“I want students to take a class they love every semester and not get hung up on requirements. I took a class, just for fun, and it changed my life.”
In an age that demands adaptability, people change careers all the time. But making the leap from coaching women volleyball champions to teaching the history of oriental art would have to be considered a stretch. Unless your name happens to be D’ney Goodfellow Granger.
“I coached the women’s volleyball team for 10 years at SMC. And I won’t mention our five conference championships,” she says with a rip-roaring laugh. “I figured it was just me and Pat Riley: if he quit, I quit.” Well, Riley is coaching again, but D’ney has discovered a whole new “ballgame”.
“I went to Japan and fell in love with the art,” explains D’ney. “I took an art history class, just for fun, at SMC and it just grabbed me. So for eight years, while I was coaching, I went to night school and finally got my master’s in art history. I developed a class in Asian Art because we didn’t have anything like it at SMC, and now I’m teaching Art 1, 2, and 3. It’s a whole new world,” she continues. “I look forward to teaching every day, and I get just as excited as I used to when a coach would put me in a volleyball game.”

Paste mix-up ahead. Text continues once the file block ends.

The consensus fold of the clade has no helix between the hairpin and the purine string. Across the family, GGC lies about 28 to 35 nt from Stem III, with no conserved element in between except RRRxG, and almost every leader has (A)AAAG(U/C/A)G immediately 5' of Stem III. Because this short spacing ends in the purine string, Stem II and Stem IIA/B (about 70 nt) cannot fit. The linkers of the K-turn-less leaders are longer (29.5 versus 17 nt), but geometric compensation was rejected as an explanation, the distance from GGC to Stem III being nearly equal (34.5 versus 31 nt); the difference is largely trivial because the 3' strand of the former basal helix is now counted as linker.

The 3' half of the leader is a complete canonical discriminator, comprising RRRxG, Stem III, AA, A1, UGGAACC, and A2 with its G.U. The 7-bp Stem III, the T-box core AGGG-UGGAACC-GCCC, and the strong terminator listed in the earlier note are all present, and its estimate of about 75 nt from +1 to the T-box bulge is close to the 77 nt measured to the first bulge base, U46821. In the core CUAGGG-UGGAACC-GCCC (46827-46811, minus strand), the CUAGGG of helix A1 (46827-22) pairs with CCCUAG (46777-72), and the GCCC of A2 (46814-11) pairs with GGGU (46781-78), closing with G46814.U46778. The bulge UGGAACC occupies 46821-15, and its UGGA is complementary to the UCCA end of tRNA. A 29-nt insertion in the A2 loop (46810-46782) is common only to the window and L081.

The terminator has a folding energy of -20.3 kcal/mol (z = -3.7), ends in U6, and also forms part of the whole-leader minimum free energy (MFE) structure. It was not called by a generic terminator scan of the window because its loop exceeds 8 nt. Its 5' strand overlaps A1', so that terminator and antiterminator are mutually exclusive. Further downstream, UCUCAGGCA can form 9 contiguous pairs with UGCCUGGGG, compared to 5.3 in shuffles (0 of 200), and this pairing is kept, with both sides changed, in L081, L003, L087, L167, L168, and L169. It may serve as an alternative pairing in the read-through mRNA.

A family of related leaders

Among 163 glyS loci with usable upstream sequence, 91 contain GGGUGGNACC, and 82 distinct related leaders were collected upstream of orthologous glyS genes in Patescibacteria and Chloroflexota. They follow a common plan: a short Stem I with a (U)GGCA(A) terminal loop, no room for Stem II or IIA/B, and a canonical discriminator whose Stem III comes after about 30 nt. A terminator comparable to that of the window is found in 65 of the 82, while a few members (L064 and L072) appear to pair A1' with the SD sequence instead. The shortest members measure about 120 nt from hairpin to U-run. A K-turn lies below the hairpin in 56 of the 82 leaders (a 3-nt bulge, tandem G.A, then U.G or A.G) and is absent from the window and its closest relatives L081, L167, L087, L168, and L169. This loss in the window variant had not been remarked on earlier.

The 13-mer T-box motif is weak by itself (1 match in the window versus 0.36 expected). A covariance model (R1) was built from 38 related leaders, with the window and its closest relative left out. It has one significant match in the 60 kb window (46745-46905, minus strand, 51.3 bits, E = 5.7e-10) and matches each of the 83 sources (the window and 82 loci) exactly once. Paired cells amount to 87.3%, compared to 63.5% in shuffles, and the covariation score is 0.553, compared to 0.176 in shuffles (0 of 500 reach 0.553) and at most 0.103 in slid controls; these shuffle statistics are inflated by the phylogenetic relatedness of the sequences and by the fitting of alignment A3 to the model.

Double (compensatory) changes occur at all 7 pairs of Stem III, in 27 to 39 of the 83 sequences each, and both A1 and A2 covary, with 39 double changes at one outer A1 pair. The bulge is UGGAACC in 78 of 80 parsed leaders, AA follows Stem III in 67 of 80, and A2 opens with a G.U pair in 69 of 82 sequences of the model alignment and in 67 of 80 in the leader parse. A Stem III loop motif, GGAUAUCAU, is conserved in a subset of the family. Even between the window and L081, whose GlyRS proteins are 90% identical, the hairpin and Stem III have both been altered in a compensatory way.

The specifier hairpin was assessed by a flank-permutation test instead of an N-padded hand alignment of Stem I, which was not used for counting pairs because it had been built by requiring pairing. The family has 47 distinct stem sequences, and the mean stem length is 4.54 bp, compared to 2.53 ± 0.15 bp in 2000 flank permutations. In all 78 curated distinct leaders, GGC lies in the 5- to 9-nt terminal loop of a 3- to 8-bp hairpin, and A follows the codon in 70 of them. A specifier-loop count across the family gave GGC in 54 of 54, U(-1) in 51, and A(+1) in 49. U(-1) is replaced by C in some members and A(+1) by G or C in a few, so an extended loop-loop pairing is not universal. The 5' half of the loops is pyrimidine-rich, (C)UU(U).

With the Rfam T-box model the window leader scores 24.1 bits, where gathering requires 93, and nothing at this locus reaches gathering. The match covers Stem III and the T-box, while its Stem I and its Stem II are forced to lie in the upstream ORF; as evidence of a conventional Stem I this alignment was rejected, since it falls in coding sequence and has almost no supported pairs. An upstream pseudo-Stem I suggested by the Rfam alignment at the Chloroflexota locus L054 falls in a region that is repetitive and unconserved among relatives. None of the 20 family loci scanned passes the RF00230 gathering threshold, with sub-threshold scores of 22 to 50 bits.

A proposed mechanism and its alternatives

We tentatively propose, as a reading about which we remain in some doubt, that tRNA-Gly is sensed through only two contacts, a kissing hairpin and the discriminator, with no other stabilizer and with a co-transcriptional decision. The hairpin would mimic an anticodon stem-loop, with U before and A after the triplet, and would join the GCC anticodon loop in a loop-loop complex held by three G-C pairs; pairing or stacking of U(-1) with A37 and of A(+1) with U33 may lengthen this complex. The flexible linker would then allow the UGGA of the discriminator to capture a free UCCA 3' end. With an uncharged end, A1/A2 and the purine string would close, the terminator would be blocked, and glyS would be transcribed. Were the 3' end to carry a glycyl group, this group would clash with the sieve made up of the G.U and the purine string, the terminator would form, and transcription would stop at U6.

While D’ney enjoys specializing in the classical art of Asia, she feels strongly that students should try a little of everything at SMC. “You’ll never find the range of classes that SMC offers anywhere else,” she says. “People need to develop more dimensions in themselves and not just be concerned with making money. There’s a lot more in going to school than getting ready to make a million bucks,” she says. “Learning about a broad range of experiences makes you an interesting person. ‘Success’ really isn’t all that much if you’re boring and nobody wants to talk with you.”
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